Austin is the first to tell you he was having an exceptional round even before his monster shot. "I was hitting the hell out of the ball that day," he says from his home in the L.A. suburb of Woodland Hills. He's sitting up in a hospital bed in his cluttered living room, fiddling with a miniature golf club he keeps in the folds of his leopard-print sheets. Although it's almost spring, Tanya, his wife of fiftyeight years, is quietly taking down a Christmas tree. "On two par fives before that hole," Austin says, "I used a driver and a seven-iron to get onto the green."

Winterwood Golf Course is one of the oldest tracks in the Las Vegas Valley. It was built in 1964, and ten years later was still way out in the desert. Today it's called Desert Rose and is just another overplayed local course lost in Vegas's sprawl. The fifth hole (now the fourteenth) was a flat and narrow 450-yard par four with a slight dogleg right and a stretch of low trees down the right side. Approaching the tee that day, Harper made Austin a good-natured challenge: "You've been whacking the ball," he said. "Let's see what happens if you really let one go."

Using a Wilson persimmonheaded driver with a ten-degree loft and an extra-stiff forty-three-inch steel shaft (by comparison, most of today's drivers, along with their titanium faces, have forty-fiveinch shafts, to generate greater swing speed), he struck with the power of the ages. "I knew I knocked the hell out of it," Austin says. "But the ball went up strangely. Went out about ten or fifteen feet high and kept going and going at that flattened level. I could put my finger on it the whole way until just before it dropped."

Chandler Harper is now ninety and living at home in Portsmouth, Virginia. His memory of that day is as vivid as Austin's. "Three of us hit our shots about 140 yards short of the green," he says. "But Mike's drive beat all that by a mile. I went ahead to look for his ball and spotted a ball on the next tee well behind the fifth green. I told Mike to check it because we couldn't believe it." It was, in fact, Austin's Titleist 100. Says Harper: "I had never seen a ball hit anywhere near that far. I played fifty times with Sam Snead and Ben Hogan, but nothing compared to this." Adds Tanya, who watched her husband play that day, "It was like God held the ball in the air."

Harper likes to joke about the hurricane-force tailwinds blowing that afternoon. After all, on the eighth and ninth holes, Austin drove the green again with four-hundredyard wallops. Guinness says there were 35 m.p.h. gusts; according to the National Weather Service, the maximum winds that day were out of the southeast at 27 m.p.h.

Austin has heard every wisecrack in the book: The fairway was probably hard as rock; the high-desert elevation made all the difference; the ball took a fortunate bounce. Some question whether it happened at all. When asked if the ball hit a cart path or a sprinkler head, Austin gives one of his icy blue-eyed stares and says, "That damned ball hit nothing but my club and the ground it landed on."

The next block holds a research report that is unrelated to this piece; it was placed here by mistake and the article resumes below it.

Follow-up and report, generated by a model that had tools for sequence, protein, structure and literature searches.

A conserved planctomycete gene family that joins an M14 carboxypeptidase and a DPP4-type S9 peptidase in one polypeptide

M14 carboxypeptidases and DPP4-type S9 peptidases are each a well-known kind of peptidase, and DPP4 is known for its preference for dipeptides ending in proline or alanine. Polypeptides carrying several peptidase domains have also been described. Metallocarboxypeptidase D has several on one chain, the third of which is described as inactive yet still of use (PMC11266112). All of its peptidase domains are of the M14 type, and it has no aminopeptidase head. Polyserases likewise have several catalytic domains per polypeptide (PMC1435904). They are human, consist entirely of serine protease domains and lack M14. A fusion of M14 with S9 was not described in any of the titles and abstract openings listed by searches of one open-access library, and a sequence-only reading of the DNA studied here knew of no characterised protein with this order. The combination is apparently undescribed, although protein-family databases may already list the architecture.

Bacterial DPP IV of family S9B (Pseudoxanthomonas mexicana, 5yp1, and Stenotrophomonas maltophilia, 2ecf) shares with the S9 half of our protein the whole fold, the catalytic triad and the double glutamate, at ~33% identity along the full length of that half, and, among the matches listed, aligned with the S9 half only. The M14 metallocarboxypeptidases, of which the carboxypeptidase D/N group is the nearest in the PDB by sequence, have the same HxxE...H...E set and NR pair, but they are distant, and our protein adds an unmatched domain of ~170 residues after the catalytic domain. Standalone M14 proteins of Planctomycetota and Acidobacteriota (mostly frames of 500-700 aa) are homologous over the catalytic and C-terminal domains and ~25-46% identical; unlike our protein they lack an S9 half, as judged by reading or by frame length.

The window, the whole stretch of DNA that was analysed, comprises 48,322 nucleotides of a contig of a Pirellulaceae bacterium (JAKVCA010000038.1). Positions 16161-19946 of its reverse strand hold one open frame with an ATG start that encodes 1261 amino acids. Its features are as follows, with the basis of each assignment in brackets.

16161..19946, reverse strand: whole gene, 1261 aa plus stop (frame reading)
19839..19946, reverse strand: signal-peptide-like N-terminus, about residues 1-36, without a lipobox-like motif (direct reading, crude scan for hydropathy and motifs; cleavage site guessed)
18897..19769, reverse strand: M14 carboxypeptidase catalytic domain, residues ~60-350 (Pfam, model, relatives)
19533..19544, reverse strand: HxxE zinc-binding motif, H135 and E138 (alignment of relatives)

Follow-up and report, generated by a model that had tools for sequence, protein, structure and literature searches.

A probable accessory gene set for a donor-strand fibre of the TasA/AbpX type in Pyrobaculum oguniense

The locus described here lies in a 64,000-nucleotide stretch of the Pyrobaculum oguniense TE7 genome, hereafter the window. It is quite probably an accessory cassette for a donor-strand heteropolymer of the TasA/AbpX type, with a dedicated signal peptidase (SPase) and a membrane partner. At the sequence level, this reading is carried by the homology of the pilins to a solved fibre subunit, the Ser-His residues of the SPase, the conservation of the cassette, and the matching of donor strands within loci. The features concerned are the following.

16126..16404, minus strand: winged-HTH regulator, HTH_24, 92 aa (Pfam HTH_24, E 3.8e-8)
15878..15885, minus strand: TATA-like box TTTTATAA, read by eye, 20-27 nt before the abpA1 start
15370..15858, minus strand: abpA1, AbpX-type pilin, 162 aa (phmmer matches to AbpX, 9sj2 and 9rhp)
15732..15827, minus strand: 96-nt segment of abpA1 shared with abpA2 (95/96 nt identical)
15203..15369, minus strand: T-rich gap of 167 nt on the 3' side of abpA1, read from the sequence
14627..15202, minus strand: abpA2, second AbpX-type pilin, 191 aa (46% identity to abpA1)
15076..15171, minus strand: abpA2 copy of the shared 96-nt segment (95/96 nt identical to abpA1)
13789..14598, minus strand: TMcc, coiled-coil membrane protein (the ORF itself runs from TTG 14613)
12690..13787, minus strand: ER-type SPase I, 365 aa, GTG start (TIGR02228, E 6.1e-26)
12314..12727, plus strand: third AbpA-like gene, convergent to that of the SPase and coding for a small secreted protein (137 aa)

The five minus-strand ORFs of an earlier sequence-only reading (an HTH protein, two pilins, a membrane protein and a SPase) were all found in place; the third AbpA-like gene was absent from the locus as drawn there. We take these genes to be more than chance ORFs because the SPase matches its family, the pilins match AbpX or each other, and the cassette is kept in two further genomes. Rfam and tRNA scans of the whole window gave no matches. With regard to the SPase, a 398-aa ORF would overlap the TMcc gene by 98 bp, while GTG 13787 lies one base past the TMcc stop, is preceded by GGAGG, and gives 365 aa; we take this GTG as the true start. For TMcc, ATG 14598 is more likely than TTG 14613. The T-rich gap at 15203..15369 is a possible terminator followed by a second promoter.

Perhaps the saddest part of the story is that Austin merely shot par that day. He went on to finish in the top ten at that tournament, but he was never a professional all-star. His best finish on the PGA Tour was at the 1961 Ontario Open, where he tied for thirty-seventh place with a total of 291. His low score in a Tour event was a 285 at the 1958 Tucson Open, where he tied for fifty-first. After the 515-yard drive, Austin pitched back onto the green and three-putted. Longest drive in history and Mike walked away with a bogey.

Mike Austin's record 515-yard drive has yet to be approached in thirty years. Which begs the question: Did it—could it—really happen?

T+L GOLF asked the engineers at Focaltron, a golf-performance company in Sunnyvale, California, to simulate the drive to see whether Austin's story flies. After plugging in all the known data—that day's wind and weather conditions, the altitude, the persimmon driver and the two-piece ball—here's what they determined:

At an altitude of 2,030 feet and a temperature of eighty-eight degrees, Austin would have needed the day's maximum wind gust of 27 m.p.h. behind him, an astonishingly low launch angle and spin rate and a swing speed of 150 m.p.h. to carry the ball 445 yards before it started rolling. (Indeed, Austin's swing was once measured at 155 m.p.h.; by comparison, Tiger Woods swings the club about 120 m.p.h.) A few lucky bounces might—just might—have yielded another sixty or so yards. Plus, by cutting off the slight dogleg, Austin shaved ten or more yards off the hole. If all these variables came together, the 515- yard drive could have occurred. Or perhaps, as Austin's biographer, Philip Reed, suggests: "Something unquantifiable may have happened that day. It's like the moment when a mother lifts a car to save her child from the burning wreckage. Whatever Mike did that day seemed to defy everything we know about the golf swing."

Mike Austin passed away at the age of 95 on November 22, 2005.

Click Here or on the book cover to visit Mike Austins Web Site.

December 12, 2005